When a passenger ship carrying 2,500 people rolled over in the Chicago River in 1915, those onboard scrambled to climb on the ship’s side. Rescue workers and volunteers tried to save them, but hundreds drowned. The shipwreck became known as one of the deadliest disasters in Chicago’s history.
Now, footage from that day — July 24, 1915 — has been found in Dutch newsreels by a doctoral student at the University of Illinois at Chicago. It shows first responders attempting to rescue passengers stranded on the ship.
“The significance of the clip is that it allows historians, in a way, to verify witness testimony,” Jeff Nichols, a 43-year-old Ph.D. candidate at the University of Illinois at Chicago, told The Washington Post. He said he found the footage late last week on a European Union-funded Web site while working on his dissertation about World War I. “Memories are fallible, but this allows us to compare it to testimony and piece together some of the rescue efforts.”
On that day in 1915, the SS Eastland was toting Western Electric workers and their families across Lake Michigan to a company picnic at a park in Michigan City, Ind. The ship was not well designed and was top-heavy with rescue gear. And, as passengers crowded on one side of the boat to wave at other boats carrying their crew, the ship capsized, sending passengers into the water, according to the Associated Press. The maritime disaster left 844 people dead.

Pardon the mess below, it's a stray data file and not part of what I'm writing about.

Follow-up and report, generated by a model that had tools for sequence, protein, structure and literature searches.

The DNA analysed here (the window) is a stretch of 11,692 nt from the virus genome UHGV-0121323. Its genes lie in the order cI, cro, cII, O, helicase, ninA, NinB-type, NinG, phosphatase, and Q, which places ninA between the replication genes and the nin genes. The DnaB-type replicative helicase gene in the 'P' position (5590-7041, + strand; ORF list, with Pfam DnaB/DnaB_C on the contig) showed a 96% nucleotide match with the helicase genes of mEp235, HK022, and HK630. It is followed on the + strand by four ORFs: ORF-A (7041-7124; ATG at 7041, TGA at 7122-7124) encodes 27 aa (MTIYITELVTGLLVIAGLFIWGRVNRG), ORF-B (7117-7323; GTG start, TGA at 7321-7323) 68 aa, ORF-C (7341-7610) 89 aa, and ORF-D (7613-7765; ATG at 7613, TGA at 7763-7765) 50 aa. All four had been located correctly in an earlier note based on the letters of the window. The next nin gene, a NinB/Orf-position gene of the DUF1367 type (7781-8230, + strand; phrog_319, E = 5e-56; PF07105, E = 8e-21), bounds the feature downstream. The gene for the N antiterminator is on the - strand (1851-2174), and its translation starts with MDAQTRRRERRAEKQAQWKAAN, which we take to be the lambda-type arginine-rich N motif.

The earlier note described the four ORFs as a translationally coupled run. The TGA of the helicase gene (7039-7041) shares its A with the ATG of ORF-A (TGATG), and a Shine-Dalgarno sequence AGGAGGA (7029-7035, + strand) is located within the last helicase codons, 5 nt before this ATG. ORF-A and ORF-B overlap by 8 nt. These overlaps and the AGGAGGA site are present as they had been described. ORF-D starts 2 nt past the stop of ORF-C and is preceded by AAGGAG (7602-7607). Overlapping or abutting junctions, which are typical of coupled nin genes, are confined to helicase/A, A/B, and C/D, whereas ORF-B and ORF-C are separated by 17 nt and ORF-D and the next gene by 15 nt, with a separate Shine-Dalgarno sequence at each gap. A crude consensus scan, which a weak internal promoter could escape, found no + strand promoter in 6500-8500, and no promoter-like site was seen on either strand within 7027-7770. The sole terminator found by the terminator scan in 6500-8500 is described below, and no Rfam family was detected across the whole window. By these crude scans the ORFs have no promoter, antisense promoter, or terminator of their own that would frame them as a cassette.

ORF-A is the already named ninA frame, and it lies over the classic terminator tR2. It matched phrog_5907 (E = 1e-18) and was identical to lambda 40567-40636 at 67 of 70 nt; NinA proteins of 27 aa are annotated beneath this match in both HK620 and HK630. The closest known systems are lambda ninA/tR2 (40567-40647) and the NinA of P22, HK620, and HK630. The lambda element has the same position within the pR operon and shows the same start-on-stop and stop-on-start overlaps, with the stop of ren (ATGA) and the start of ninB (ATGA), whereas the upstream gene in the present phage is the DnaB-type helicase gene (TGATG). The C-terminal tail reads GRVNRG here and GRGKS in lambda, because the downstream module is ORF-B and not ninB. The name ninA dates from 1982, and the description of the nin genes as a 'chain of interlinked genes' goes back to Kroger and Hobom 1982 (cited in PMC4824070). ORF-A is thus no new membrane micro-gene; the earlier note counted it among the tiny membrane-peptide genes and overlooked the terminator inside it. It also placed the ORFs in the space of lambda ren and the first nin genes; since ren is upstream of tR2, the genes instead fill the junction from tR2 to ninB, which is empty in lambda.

“It just wasn’t stable,” Ted Wachholz, Eastland Disaster Historical Society’s chief historian, told CBS Chicago.
“Even today, I still really can’t fathom what it would have been like to experience even one small part of it,” he added.
Nichols found the footage late last week and posted it on his Facebook page. He said he thought it had been suppressed because “it was too hard to watch the film, the emotions were too raw. It seemed ghoulish.” But historians believe more footage exists because movie cameras can be seen in the clip. Nichols told the Chicago Tribune he guessed other copies were either ruined or lost in storage, waiting to be converted to digital form.
EYE Film Instituut Nederland confirmed to the AP that it had the clip in its archives.
“Looking at the clip, there’s just a real emotional impact,” Nichols said. “You get to see the scale of what happened.”
The Eastland Disaster Historical Society apparently had been searching for the footage over the years. When Wachholz saw it, he said he got “chills.”
“Seeing actual firemen and policemen and other responders engaged in the rescue and recovery, seeing the movement of the Chicago River, seeing the debris floating on the river, and just seeing that actually in motion is just so much different than still pictures,” he told Fox Chicago.